Outcomes of Patients With ST-Segment Elevation Myocardial Infarction Admitted During COVID-19 Pandemic Lockdown in Germany – Results of a Single Center Prospective Cohort Study

Manuel Rattka, Lina Stuhler, Claudia Winsauer, Jens Dreyhaupt, Kevin Thiessen, Michael Baumhardt, Sinisa Markovic, Wolfgang Rottbauer and Armin Imhof

1Clinic for Internal Medicine II, University Hospital Ulm – Medical Center, Ulm, Germany
2Institute of Epidemiology and Medical Biometry, Ulm University, Ulm, Germany


Front. Cardiovasc. Med., 20 April 2021 | https://doi.org/10.3389/fcvm.2021.638954


Objective: Since the outbreak of the COVID-19 pandemic, healthcare professionals reported declining numbers of patients admitted with ST-segment myocardial infarction (STEMI) associated with increased in-hospital morbidity and mortality. However, the effect of lockdown on outcomes of STEMI patients admitted during the COVID-19 crisis has not been prospectively evaluated.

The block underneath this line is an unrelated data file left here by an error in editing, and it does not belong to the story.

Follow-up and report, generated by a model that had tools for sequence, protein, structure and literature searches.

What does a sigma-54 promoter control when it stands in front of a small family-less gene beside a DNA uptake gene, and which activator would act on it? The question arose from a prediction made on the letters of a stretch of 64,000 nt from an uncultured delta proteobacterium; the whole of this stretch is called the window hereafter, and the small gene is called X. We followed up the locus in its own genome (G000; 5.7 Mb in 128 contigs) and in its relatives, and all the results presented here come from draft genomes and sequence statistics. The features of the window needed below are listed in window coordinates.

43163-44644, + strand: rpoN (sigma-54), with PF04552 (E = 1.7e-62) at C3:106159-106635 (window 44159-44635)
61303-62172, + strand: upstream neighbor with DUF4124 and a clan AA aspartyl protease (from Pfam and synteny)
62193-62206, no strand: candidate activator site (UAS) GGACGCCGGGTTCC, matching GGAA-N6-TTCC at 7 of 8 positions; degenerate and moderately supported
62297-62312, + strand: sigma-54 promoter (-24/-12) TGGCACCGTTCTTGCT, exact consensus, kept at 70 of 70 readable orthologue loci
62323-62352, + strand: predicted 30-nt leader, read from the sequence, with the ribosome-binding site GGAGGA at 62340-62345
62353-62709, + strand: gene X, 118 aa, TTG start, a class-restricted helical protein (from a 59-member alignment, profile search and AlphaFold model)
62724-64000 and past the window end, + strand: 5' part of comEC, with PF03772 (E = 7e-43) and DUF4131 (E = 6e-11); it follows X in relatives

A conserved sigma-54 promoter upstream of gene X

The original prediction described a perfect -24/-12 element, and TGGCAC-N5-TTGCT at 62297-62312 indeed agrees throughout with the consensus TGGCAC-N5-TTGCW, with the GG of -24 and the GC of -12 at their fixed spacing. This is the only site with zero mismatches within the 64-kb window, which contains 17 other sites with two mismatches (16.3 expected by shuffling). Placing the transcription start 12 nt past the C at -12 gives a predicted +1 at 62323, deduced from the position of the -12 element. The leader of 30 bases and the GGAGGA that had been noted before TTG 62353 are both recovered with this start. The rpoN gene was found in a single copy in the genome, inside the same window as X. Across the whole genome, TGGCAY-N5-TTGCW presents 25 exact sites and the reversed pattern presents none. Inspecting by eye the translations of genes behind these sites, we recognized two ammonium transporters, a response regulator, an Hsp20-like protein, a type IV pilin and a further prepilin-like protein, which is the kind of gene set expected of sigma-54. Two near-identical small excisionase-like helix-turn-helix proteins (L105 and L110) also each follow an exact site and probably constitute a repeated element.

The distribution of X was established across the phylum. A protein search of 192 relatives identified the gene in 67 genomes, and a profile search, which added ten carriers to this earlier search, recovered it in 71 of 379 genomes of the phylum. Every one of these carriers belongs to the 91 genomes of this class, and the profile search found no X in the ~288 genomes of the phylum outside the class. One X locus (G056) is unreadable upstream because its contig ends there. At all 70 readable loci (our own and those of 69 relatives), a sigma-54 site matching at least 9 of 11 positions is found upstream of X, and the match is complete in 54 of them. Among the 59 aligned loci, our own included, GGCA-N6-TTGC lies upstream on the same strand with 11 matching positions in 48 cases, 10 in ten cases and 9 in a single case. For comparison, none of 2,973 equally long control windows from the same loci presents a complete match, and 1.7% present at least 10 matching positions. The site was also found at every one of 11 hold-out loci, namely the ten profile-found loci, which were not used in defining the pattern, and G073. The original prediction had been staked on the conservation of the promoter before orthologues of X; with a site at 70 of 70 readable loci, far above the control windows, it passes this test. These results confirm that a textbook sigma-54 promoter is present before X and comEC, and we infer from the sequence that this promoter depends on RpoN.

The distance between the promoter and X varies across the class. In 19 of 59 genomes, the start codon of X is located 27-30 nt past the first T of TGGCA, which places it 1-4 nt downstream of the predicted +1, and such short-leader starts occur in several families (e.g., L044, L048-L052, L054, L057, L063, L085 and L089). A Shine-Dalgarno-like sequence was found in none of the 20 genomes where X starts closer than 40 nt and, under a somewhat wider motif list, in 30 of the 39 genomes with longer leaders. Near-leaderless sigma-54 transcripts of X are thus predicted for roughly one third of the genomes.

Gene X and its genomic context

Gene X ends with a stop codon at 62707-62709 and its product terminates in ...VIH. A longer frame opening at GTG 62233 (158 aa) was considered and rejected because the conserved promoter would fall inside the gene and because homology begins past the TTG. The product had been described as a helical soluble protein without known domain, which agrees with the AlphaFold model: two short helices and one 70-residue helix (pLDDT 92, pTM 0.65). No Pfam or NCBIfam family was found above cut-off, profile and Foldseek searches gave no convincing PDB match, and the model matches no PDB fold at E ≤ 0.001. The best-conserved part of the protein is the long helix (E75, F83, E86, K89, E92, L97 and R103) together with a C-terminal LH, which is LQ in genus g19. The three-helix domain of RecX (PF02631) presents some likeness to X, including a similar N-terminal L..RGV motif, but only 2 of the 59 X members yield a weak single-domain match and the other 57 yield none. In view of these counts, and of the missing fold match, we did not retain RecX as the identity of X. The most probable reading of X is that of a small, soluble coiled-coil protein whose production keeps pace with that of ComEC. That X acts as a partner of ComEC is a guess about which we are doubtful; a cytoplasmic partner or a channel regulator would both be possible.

Methods: A prospective, observational study on STEMI patients admitted to our tertiary care center during the COVID-19 pandemic was conducted. Outcomes of patients admitted during lockdown were compared to those patients admitted before and after pandemic-related lockdown.

Results: A total of 147 patients were enrolled in our study, including 57 patients in the pre-lockdown group (November 1, 2019 to March 20, 2020), 16 patients in the lockdown group (March 21 to April 19, 2020), and 74 patients in the post-lockdown group (April 20 to September 30, 2020). Patients admitted during lockdown had significantly longer time to first medical contact, longer door-to-needle-time, higher serum troponin T levels, worse left ventricular end-diastolic pressure, and higher need for circulatory support. After a median follow-up of 142 days, survival was significantly worse in STEMI patients of the lockdown group (log-rank: p = 0.0035).

Conclusions: This is the first prospective study on outcomes of STEMI patients admitted during public lockdown amid the COVID-19 pandemic. Our results suggest that lockdown might deteriorate outcomes of STEMI patients. Public health strategies to constrain spread of COVID-19, such as lockdown, have to be accompanied by distinct public instructions to ensure timely medical care in acute diseases such as STEMI.

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